Progress made so far:
Since the lockout began in early December, it seems like there hasn’t been much progress made in solving the problem at hand. The two sides have met a handful of times, but obviously, no resolution has been made in finding a way to stop the lockout and get players back on the field with their teams.
The first meeting happened on December 20, but they only discussed issues like the All-Star game, special events, and drug and domestic violence policies, rather than the bigger economic issues that will solve the issue of the lockout altogether. The second meeting came after a 43-day drought in communication by both sides and included mention of raising the competitive-balance-tax threshold, concerns over poor-performing teams, and changes to the previously expired CBA.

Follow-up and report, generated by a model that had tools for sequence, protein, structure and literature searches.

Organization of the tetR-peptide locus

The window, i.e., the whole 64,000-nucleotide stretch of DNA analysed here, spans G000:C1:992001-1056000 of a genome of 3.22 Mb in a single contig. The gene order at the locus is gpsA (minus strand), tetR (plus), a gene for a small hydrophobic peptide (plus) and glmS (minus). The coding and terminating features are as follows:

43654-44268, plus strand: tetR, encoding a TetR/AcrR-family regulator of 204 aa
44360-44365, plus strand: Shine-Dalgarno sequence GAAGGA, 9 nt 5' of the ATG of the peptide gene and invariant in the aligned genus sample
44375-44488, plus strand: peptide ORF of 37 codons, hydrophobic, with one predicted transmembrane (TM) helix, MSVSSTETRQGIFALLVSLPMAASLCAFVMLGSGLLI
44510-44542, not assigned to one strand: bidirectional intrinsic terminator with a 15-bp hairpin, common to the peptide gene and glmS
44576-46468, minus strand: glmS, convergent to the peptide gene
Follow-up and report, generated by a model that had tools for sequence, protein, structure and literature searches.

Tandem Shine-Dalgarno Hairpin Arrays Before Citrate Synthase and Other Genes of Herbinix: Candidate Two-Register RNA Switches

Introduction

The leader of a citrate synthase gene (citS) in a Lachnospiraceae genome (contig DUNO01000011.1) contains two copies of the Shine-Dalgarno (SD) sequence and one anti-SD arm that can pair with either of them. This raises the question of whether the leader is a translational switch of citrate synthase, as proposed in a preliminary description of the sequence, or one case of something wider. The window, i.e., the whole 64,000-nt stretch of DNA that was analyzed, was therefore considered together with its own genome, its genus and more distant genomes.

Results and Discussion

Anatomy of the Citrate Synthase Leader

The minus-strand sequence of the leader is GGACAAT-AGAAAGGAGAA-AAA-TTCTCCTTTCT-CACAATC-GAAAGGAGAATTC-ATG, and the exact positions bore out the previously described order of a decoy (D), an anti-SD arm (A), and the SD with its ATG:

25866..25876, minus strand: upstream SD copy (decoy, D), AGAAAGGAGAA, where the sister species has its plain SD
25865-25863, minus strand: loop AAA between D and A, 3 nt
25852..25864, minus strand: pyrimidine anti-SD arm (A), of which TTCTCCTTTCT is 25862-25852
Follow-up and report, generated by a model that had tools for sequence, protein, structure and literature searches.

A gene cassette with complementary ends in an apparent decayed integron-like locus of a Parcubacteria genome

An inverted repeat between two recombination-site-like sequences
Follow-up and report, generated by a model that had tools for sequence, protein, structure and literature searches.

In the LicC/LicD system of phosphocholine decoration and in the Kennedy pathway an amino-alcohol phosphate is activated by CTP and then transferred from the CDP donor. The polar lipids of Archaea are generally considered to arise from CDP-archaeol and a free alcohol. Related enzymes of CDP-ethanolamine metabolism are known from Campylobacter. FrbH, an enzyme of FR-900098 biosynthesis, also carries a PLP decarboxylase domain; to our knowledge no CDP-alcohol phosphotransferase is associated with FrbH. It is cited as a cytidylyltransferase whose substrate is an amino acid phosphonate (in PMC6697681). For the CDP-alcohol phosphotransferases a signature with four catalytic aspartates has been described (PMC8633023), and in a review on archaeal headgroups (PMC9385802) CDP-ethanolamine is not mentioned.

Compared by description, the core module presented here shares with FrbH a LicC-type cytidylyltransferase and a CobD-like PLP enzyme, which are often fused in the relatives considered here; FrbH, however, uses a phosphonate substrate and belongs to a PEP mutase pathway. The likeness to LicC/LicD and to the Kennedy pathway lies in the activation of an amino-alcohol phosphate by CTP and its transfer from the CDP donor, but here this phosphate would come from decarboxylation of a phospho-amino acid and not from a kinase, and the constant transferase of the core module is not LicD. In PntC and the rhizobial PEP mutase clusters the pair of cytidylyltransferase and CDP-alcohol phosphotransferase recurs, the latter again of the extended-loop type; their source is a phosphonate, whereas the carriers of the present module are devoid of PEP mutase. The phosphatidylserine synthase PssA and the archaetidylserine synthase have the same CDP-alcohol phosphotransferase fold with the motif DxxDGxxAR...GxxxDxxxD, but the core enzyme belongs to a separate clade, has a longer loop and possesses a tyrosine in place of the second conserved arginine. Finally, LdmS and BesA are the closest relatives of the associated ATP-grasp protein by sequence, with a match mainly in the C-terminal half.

The latest update by the league came after their most recent meeting that included a heated discussion by both players and owners on both sides. Those present at the face-to-face meeting discussed what is known as “core economic issues” involved in the current state of the baseball industry. With more chat about salary arbitration, service time manipulation, free agency timelines, and disincentivizing tanking of poor ranking teams, members on both sides are hopeful a negotiation could be agreed upon before pitchers and catchers are expected to report on February 15. Whether this actually happens or not, we’ll have to wait and see, but at least the communication drought between both sides is over and conversations are being had about the future of the league.
When to worry about the fate of the season: